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Douglas County Sheriff Cuts Ribbon on New Public-Safety Driver Training Facility


Location: 8500 Moore Rd. Littleton, CO 80125 (south gate entry)

Today at 10 a.m., Douglas County Sheriff Tony Spurlock will cut the ribbon and officially open phase-one of the new Liniger Emergency Vehicle Operations Center in northwest Douglas County.  More than three years in the making, the new facility will provide Douglas County and other metro-area public-safety agencies a safe place to teach advanced decision making; proper pursuit driving and pursuit termination; communication while driving; defensive driving; day and night driving, inclement weather skills; vehicle dynamics and limitations; motorcycle officer certifications; crash investigation training and the most recent approaches to traffic incident management.

Sheriff Spurlock knows first-hand why this much-needed training site is so important. Beginning in 1988, the sheriff’s office, and many other area agencies, used the abandoned Dawson Ridge subdivision in Castle Rock for its driver safety training.  The roads had been abandoned after the development went bankrupt in the 1980’s.  Because the abandoned roads received no maintenance, they suffered major deterioration and the owner closed it to use in 2013.  As a result, the county began looking for a reasonable and cost effective alternative.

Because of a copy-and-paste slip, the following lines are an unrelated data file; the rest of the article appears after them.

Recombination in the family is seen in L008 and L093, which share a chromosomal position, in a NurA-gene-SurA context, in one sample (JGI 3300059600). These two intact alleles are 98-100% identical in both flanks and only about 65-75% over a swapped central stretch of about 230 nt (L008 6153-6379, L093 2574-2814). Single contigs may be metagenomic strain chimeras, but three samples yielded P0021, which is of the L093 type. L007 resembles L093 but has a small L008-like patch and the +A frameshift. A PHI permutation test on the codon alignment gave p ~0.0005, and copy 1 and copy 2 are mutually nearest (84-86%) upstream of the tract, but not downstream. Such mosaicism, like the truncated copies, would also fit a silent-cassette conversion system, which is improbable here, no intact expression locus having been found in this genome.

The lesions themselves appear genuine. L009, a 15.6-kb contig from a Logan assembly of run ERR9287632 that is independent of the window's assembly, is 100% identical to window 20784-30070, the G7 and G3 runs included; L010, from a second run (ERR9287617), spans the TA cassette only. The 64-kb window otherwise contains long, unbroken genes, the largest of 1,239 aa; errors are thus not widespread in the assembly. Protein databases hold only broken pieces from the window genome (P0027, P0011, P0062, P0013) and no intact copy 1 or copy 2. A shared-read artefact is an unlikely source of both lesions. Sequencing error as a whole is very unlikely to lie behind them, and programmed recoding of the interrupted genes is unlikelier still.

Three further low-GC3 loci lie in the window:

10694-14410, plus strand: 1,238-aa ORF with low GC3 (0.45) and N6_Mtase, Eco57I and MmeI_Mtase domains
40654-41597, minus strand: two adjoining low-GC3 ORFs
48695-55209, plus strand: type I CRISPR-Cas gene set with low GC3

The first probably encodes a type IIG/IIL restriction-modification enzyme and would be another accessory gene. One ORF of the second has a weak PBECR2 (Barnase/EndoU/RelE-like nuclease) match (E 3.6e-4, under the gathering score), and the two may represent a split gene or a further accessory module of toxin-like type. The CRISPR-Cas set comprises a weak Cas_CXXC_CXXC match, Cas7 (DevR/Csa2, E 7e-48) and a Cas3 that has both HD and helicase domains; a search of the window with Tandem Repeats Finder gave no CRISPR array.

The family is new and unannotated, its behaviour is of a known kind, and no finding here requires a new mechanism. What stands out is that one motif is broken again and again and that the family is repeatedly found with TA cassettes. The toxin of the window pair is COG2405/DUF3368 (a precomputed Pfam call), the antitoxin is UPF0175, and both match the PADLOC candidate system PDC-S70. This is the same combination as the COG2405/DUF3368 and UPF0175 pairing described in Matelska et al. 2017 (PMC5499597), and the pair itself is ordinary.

“We owe a special debt of gratitude to philanthropic residents Dave and Gail Liniger, who demonstrated enormous generosity and their commitment to public safety when they donated $3.3 million to the county in December 2016 to make this a leading public-safety driver training center,” Sheriff Spurlock said. Their donation represented nearly one half of the estimated $6.8 million cost to build and equip phase-one of this outstanding facility.

“This facility is essential because emergency responders are not normal drivers. Collectively, our deputies drive over 3.5 million miles per year and must make split-second safety decisions—many while driving.  Every aspect of the facility has an engineered purpose and the advanced training we receive here will ultimately make our staff and community safer—it is designed to emulate the community roads that emergency responders must safely navigate every day,” added Sheriff Spurlock.

The Liniger Emergency Vehicle Operations Center sits on 80 acres, provides a 1.6 mile training roadway, a 500 x 800 foot asphalt skills training area, and a smaller 200 x 400 foot skills training area. Owned by Douglas County, the facility will be uniquely managed in partnership with the Highlands Ranch Law Enforcement Training Foundation. And, with an estimated 19,000 teenage drivers in Douglas County, the facility will emerge over the next year as a very unique community asset to also provide a training home for a private teen and senior advanced driver safety program.